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Why Do Wedding Photographers Say, "Investment"?

By Jordan P. Anderson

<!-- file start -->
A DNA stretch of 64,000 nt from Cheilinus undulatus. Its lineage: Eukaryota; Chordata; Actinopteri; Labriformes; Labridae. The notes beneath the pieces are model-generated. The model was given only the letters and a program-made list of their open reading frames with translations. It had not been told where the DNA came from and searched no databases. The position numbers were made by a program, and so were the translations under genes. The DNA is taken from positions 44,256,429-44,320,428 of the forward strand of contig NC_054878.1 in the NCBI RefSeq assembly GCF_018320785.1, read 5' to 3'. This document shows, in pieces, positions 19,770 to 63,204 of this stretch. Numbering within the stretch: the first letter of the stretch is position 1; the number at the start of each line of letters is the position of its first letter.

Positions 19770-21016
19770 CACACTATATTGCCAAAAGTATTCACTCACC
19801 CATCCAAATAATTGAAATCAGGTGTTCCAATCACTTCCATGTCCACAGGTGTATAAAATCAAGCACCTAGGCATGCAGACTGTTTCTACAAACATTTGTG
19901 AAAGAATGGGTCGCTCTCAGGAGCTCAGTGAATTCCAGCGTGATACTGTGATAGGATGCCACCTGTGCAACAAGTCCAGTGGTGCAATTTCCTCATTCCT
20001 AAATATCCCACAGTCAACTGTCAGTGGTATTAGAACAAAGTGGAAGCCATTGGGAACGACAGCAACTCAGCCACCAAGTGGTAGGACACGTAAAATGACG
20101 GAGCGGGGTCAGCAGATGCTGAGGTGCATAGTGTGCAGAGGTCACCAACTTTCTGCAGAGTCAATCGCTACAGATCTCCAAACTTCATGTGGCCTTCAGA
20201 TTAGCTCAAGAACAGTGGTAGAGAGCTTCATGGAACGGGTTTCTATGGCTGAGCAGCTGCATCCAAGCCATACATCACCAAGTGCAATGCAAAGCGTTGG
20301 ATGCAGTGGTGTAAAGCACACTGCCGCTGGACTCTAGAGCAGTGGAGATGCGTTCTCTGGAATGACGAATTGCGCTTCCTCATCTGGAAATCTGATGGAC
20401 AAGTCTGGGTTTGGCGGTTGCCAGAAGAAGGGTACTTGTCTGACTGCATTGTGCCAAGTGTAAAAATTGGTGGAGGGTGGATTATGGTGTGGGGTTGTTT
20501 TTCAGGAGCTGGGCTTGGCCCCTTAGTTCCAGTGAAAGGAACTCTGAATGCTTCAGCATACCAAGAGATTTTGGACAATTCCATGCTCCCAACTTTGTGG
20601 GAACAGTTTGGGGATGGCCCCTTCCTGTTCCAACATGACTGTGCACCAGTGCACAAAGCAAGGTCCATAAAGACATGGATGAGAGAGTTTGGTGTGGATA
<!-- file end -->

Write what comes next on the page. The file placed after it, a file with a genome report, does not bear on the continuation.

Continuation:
Strategy for Creative Small Businesses - - To shift the mindsets of their clients - It’s used on something that cost a lot of money - It moves photographers from Vendor to Expert status Wedding photographers have collectively hypnotized wedding couples into believing that their photography services are extremely valuable. Whether you like it or not, they are able to charge thousands of dollars for a service that clients are more than happy to pay for. What’s the logic and what can we learn from their tactics? 1. Ease the Price-Shopper’s Mind Wedding couples aren’t enterprises, so their budgets are going to be limited and their due diligence won’t be as thorough. Naturally, some couples are going to be price-shoppers — those that base the majority of their decisions on price. By shifting the language on a photographer’s website from “Packages” to “Investment” couples are able to imagine their money going towards something valuable. It justifies the large amount of money that’ll be exchanged because now this couple is acting as a sage financial planner. I would argue that this takes advantage of couples and hypnotizes them into believing that making a fancy investment is far wiser than purchasing a service package. Nonetheless, the lesson stands — get your clients out of price-shopping mode. 2. Get Out of the “Vendor” Category Fast Another achievement of wedding photographers is that they’ve been able to articulate themselves out of the vendor status and into the expert or artist status. You pay for a vendor’s time by the hour, but you’ll INVEST in the artist’s precious time. As a former wedding videographer (and perhaps this is where my bittersweet respect arises from), I had a hell of a time trying to get out of vendor category. Even on the day of the wedding, the videographer was always given 2nd or 3rd priority over the photographer. But this made sense from a sunk cost perspective — couples “invested” not only more money, but more hope and expectations into the photographer. I was probably getting paid a third the photographer’s rate and was seen as an accessory rather than essential. The challenge of using “investment” for many other service industries is overcoming the vendor status aka being a commodity. The banquet hall, catering company, and the live band would struggle to call their services investments. It doesn’t exactly roll off the tongue when I think about investing in Stella Artois and a perfect rendition of “Love Shack” (although the return seems pretty high). But there’s nothing to distinguish one bartender from handing you a beer from the other. Photographers have been able to distinguish themselves as worthy investments even though you could argue that photos in 2020 are as commoditizes as they come. I’m not the biggest fan of the word “investment” because I believe it’s misleading, but photographers have done something that is applicable to all creative small businesses: demonstrate and communicate their value to would-be clients. Here’s what FroKnowsPhoto has to say:

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